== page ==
These include only investing money you can afford to lose, requiring that the owner has a sound business plan, drawing up a binding contract that specifies clearly your return on investment (or ownership stake), and keeping copies of all documents. If you’re careful and do your due diligence, investing in a business can have growth potential. Just remember that success is not guaranteed.

One last word of advice. Lending money to a friend or family member often comes with added emotional baggage. It can cause a host of problems if things don’t go smoothly. However, if you’re smart about it, your money can help a small business grow and offer you a solid return.

Real Estate

It may sound like a cliché, but real estate is traditionally one of the very best investments. Whether you’re looking at vacant land, a residential home, or a commercial building, real estate prices tend to only move in one direction long-term: up.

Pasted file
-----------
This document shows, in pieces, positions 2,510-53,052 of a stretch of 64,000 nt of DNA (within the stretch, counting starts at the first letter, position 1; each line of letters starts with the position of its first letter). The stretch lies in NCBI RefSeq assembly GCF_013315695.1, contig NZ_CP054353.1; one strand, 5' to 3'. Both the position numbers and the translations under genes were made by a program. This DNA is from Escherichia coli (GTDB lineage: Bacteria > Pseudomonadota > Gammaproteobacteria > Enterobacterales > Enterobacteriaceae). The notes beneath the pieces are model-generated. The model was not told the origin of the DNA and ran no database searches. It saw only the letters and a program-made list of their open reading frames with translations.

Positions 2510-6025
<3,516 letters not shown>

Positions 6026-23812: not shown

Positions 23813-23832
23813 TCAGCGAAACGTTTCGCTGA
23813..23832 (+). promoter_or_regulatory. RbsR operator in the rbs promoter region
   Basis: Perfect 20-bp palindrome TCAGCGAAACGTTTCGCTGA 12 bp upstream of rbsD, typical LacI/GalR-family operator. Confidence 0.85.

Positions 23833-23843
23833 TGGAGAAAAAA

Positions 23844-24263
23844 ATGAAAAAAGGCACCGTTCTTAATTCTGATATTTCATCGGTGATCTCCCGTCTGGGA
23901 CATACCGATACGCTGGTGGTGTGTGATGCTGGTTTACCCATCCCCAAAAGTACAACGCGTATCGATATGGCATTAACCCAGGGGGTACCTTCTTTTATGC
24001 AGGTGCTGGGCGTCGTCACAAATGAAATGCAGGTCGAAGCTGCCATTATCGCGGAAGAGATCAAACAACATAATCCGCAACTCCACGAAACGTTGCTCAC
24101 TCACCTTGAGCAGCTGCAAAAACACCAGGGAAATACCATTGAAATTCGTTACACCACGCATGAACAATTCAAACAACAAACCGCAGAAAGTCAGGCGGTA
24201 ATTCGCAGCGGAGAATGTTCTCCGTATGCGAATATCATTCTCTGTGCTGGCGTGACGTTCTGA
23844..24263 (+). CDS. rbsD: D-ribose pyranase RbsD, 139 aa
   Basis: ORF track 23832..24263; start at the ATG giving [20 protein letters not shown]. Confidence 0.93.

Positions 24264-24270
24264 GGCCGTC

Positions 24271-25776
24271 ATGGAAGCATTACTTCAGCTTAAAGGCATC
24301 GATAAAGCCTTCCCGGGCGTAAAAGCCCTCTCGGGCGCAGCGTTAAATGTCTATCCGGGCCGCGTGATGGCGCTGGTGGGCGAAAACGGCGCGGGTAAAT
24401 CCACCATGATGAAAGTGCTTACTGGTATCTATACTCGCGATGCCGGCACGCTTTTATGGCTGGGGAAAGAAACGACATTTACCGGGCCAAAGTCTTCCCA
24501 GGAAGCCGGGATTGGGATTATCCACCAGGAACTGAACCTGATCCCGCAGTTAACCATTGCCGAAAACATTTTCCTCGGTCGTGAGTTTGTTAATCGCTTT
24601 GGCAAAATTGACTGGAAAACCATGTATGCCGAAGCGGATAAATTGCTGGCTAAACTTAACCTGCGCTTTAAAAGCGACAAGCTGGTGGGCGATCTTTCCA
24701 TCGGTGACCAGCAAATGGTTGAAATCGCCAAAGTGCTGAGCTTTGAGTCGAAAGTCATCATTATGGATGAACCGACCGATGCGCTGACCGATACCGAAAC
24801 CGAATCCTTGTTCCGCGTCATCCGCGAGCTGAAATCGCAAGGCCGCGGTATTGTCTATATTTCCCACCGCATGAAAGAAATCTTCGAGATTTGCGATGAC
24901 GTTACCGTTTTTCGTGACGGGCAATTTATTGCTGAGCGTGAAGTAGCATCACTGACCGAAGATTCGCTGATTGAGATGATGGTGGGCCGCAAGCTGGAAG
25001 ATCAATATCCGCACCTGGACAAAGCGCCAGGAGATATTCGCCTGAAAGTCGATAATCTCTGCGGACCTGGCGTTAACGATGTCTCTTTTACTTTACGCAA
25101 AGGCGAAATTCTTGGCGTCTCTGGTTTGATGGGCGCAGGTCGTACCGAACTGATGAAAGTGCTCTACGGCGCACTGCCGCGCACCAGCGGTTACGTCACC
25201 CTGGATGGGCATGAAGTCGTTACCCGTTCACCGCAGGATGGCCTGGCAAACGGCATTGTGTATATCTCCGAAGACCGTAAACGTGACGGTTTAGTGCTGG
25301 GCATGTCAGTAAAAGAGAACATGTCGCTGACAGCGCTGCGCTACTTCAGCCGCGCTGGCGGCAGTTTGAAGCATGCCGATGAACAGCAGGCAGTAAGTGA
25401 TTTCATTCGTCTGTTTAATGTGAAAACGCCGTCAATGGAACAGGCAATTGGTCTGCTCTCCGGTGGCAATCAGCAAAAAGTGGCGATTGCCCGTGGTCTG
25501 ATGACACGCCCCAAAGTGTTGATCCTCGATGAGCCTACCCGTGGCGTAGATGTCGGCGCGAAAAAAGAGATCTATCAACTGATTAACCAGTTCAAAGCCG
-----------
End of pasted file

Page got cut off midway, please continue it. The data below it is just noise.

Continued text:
In January 2009, the median price of a standalone house in the United States was $208,600. At the start of 2019, the median house price was $330,900, according to the U.S. Department of Housing and Urban Development. That’s an appreciation in value of 58.6% over 10 years. On an annualized basis, house prices in the U.S. have risen an average of 4.72% each year during the past decade. Consider that most mutual funds comprised of stocks target an annualized return of 3% to 5% and you can see that real estate is a sound investment.

In major cities such as Los Angeles, Chicago, and New York, real estate prices tend to rise more dramatically. And land, particularly waterfront properties, hold their value and have strong price appreciation. Whatever the type of real estate you invest in, be sure to remember the timeless adage: location, location, location. Buying a property in a desirable area is the best way to ensure that your investment increases in value over time.

Coins with Mini Money Tree on TopShutterstock
Devon Taylor

Managing Editor

Devon is an experienced writer and a father of three young children. He's simultaneously trying to build college funds and plan for an eventual retirement. He's been in online publishing since 2013 and has a degree from the University of Guelph. In his free time, he loves fanatically following the Blue Jays and Toronto FC, camping with his family, and playing video games.